This review contains spoilers for The Unlikely Pilgrimage of Harold Frye, which was a beautiful story and you should go read it — but don’t bother with this sequel.
“People can love in different ways. You can love full-on, with a lot of noise, or you can do it quietly, over the washing-up. You can even love a person without them knowing.”
The Love Song of Miss Queenie Hennessy tells the story of Harold and Queenie from Queenie’s perspective, as she writes it all out while waiting in hospice for his arrival. It’s a sad story, maybe even sadder than Harold’s, and includes the rather depressing goings-on at the hospice.
But that’s not what I didn’t like about this story. I just flat out didn’t like that Queenie has been in love with Harold all these years. That she fell in love with him when they worked at the brewery together, and spent every moment thinking about him. One of my favorite parts of Harold Frye was that Harold was not in love with Queenie — that he was her friend, and he felt loyalty for her, but it wasn’t love. I hate that Joyce completely flipped things around for the sequel.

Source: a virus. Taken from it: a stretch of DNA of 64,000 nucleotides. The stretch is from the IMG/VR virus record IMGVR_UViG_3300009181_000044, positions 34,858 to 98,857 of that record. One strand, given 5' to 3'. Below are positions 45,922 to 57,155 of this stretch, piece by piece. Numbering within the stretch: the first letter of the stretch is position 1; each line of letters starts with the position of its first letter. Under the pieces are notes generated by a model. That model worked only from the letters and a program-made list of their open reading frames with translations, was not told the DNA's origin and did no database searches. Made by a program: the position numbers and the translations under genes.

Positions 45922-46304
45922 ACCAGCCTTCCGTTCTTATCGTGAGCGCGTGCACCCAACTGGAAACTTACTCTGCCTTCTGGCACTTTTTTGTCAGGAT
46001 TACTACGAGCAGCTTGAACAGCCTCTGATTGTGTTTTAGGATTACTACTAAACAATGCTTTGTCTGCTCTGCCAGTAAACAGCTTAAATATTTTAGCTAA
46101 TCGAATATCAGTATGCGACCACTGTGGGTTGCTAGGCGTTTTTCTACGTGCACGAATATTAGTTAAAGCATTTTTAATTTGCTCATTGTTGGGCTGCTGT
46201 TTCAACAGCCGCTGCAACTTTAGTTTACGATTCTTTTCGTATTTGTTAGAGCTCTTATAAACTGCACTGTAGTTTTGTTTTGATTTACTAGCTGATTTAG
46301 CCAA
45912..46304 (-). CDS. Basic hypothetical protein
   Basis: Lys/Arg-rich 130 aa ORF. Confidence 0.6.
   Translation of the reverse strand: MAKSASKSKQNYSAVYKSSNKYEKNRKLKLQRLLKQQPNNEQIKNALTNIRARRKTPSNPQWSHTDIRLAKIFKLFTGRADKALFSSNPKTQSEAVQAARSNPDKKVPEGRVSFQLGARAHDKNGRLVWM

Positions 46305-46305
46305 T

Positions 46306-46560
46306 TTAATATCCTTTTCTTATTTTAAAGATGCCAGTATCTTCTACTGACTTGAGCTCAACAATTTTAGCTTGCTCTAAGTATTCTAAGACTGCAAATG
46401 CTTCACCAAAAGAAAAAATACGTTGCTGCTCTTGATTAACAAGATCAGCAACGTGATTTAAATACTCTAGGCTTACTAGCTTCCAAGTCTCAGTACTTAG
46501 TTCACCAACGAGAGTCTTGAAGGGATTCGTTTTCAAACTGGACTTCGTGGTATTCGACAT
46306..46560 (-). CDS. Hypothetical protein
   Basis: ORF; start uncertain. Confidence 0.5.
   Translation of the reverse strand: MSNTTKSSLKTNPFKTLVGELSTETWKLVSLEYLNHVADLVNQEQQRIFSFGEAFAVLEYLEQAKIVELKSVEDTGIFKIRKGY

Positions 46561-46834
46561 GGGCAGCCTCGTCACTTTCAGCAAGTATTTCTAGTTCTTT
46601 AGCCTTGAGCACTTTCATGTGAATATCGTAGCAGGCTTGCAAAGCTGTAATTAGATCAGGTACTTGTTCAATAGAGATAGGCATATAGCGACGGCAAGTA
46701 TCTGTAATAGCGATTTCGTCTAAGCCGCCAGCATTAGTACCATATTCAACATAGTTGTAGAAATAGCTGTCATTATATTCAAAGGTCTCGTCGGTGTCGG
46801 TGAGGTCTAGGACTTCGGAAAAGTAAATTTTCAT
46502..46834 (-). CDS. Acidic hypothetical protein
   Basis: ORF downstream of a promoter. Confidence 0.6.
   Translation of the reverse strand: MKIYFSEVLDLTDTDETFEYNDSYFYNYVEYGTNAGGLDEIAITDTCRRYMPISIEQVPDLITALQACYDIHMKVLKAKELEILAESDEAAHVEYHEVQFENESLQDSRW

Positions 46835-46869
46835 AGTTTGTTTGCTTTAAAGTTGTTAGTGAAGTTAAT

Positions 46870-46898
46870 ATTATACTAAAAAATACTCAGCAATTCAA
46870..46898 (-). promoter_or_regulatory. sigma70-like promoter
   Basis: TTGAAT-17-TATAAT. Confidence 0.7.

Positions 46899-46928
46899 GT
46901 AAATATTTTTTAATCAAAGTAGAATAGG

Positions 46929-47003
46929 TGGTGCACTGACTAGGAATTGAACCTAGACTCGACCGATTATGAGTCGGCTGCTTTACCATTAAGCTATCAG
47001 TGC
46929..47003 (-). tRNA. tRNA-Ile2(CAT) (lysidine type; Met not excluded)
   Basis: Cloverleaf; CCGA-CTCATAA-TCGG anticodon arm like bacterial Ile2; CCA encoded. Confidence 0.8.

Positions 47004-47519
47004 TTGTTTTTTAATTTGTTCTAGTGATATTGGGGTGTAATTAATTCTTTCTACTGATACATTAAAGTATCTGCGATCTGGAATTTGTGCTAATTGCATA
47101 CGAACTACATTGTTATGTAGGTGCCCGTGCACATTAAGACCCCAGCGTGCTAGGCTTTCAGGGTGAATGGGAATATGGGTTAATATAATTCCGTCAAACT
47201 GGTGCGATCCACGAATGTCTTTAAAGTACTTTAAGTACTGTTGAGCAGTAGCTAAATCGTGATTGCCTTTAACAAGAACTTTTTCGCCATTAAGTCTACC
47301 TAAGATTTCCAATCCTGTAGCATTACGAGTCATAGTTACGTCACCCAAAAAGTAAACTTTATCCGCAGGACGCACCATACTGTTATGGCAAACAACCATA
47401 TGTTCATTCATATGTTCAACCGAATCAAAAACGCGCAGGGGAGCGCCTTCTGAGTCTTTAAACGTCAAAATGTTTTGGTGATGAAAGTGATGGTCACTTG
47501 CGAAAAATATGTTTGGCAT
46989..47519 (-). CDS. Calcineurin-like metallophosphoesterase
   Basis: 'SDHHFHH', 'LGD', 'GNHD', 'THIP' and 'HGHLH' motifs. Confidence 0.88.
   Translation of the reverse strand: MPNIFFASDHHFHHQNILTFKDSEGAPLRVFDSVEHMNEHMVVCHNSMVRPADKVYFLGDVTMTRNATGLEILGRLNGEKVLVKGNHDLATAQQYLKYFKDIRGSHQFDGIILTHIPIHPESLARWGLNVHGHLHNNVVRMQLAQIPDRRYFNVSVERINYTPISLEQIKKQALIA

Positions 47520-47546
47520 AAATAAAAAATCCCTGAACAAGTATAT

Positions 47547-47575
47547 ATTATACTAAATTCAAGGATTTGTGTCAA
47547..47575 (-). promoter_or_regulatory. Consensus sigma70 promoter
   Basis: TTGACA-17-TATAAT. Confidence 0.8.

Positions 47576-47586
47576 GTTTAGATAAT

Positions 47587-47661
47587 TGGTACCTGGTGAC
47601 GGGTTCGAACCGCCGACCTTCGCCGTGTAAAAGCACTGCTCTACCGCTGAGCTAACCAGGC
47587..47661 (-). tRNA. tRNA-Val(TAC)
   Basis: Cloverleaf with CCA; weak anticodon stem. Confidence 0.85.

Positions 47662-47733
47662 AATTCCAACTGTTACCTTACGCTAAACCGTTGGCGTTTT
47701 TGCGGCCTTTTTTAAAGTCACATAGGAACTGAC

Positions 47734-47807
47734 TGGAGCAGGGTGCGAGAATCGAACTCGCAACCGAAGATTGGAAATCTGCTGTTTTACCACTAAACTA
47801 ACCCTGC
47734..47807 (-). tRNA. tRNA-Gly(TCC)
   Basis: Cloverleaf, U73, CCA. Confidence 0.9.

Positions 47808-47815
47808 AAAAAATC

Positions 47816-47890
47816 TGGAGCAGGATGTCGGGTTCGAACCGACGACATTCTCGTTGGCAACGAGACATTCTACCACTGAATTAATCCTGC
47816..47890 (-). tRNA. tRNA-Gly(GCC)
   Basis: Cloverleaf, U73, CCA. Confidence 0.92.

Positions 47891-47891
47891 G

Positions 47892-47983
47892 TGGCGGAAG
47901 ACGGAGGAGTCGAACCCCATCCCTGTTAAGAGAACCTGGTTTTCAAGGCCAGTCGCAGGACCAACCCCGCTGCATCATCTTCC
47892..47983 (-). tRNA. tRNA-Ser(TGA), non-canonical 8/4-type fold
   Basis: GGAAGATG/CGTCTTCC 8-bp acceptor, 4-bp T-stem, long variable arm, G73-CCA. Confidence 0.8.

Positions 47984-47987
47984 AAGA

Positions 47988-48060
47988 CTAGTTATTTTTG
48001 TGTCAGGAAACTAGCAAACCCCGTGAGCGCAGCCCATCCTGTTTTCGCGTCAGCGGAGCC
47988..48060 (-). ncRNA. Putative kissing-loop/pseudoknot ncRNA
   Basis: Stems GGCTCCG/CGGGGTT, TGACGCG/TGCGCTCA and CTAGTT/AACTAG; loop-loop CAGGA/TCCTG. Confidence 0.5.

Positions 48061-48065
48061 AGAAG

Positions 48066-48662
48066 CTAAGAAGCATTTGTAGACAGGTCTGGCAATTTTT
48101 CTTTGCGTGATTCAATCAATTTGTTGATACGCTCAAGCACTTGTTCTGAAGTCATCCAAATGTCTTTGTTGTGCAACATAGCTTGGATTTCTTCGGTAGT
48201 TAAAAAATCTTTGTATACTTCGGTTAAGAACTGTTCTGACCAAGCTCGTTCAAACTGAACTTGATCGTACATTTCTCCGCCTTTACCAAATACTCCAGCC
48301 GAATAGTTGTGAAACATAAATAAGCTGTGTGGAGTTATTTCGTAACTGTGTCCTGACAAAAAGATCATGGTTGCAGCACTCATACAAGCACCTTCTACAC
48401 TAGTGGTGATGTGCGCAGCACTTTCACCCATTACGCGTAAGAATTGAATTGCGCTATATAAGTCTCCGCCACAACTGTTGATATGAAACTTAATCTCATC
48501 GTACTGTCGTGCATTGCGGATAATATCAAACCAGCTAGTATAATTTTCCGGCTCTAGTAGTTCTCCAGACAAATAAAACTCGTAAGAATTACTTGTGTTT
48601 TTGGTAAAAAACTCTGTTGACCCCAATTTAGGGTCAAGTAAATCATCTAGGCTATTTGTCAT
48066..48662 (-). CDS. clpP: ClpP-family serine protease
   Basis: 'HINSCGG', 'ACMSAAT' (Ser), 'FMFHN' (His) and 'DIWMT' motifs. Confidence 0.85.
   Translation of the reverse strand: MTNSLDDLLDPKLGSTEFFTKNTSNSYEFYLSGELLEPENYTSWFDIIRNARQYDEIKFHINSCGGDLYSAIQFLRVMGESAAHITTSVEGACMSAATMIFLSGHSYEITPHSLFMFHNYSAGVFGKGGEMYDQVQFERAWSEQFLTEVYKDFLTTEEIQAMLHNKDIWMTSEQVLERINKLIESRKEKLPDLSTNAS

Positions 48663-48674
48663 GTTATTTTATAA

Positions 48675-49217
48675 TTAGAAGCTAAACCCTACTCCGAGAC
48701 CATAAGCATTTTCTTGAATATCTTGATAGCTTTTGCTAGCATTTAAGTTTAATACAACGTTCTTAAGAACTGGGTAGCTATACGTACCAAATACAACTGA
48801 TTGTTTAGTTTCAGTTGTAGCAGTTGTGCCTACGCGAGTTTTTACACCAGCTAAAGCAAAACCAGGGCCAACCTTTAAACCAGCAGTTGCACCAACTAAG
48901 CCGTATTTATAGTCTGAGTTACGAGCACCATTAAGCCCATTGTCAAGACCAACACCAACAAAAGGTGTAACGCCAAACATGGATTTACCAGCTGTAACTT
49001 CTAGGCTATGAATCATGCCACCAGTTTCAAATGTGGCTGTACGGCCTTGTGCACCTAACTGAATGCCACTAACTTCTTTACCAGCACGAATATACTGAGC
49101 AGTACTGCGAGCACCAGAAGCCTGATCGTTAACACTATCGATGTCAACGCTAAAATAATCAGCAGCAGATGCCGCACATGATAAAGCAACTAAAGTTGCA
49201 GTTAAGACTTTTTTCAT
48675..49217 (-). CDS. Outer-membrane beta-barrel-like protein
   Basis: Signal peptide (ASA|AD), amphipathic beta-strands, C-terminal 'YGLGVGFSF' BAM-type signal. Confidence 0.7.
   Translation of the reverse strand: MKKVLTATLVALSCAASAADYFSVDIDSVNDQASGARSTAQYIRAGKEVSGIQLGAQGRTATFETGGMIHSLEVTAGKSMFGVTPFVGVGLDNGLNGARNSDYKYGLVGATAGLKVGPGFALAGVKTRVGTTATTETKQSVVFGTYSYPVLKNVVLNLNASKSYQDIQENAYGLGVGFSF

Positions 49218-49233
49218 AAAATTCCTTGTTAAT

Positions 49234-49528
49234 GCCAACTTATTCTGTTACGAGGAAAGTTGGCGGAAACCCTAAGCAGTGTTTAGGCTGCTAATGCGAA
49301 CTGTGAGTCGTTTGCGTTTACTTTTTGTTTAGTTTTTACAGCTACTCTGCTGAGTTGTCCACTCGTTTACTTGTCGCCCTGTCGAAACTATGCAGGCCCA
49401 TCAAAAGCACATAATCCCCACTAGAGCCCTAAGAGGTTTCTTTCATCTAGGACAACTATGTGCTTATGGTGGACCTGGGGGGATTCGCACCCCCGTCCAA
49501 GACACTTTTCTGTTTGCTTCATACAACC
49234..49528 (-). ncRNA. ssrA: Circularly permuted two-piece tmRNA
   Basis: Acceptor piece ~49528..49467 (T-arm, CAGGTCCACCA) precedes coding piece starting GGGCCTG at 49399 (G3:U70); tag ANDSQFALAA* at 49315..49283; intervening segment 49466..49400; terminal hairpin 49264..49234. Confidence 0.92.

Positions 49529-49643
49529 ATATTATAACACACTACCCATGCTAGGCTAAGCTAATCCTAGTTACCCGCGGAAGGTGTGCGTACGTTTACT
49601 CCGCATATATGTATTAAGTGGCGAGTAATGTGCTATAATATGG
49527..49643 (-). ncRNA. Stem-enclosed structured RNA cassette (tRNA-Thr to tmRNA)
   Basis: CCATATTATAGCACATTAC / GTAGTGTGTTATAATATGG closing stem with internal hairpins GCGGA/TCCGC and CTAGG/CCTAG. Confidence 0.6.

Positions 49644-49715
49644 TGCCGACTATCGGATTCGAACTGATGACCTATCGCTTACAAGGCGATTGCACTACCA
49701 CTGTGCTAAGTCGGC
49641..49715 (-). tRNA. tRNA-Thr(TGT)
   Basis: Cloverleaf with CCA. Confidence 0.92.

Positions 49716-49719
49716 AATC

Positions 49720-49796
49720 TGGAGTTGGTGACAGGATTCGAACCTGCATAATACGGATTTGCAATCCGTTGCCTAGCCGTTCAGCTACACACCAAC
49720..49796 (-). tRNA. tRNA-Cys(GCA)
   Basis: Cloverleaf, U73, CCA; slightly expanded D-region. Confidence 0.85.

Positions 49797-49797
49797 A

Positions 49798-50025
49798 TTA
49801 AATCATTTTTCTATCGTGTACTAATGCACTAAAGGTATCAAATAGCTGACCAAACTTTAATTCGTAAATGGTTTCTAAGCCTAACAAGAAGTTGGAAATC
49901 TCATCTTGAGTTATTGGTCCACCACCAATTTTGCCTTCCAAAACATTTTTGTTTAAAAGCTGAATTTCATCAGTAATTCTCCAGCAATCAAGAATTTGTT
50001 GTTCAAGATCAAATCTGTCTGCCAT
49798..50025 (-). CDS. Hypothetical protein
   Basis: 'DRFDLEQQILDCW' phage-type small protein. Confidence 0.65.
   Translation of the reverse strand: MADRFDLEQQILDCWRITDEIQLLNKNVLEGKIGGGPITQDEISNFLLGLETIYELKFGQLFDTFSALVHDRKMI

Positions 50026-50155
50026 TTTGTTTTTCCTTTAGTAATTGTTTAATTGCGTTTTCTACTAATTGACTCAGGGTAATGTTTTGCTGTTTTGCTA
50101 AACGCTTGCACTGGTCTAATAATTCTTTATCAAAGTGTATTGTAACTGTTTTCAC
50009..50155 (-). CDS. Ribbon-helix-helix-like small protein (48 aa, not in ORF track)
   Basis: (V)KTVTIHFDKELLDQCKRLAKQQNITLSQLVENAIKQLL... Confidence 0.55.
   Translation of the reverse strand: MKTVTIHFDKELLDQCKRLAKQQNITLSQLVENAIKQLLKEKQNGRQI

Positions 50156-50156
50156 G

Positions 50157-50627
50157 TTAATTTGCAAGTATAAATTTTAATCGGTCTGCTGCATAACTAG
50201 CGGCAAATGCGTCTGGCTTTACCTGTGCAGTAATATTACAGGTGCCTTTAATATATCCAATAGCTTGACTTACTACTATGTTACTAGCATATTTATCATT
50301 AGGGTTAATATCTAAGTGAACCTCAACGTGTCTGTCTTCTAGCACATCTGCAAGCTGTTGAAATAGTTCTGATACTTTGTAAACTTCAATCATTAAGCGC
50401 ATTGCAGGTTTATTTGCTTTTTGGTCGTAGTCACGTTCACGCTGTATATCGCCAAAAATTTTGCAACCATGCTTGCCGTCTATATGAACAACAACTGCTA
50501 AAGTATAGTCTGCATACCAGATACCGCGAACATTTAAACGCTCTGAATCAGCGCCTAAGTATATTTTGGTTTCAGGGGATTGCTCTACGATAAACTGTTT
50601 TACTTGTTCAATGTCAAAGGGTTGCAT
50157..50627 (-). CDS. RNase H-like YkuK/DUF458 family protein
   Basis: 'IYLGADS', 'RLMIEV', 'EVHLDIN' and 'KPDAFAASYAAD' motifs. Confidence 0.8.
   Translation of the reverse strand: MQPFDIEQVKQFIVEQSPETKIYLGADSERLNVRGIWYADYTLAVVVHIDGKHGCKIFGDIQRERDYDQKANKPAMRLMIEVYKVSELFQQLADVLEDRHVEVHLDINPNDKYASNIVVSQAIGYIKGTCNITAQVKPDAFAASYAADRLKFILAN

The writing is just as lovely as in Harold Frye, and I did like the ending, in which Joyce explains something that bugged me throughout the whole book. And if you’re not as attached to the narrative of the first novel as I am (I did just finish reading it), you might like it more than I did.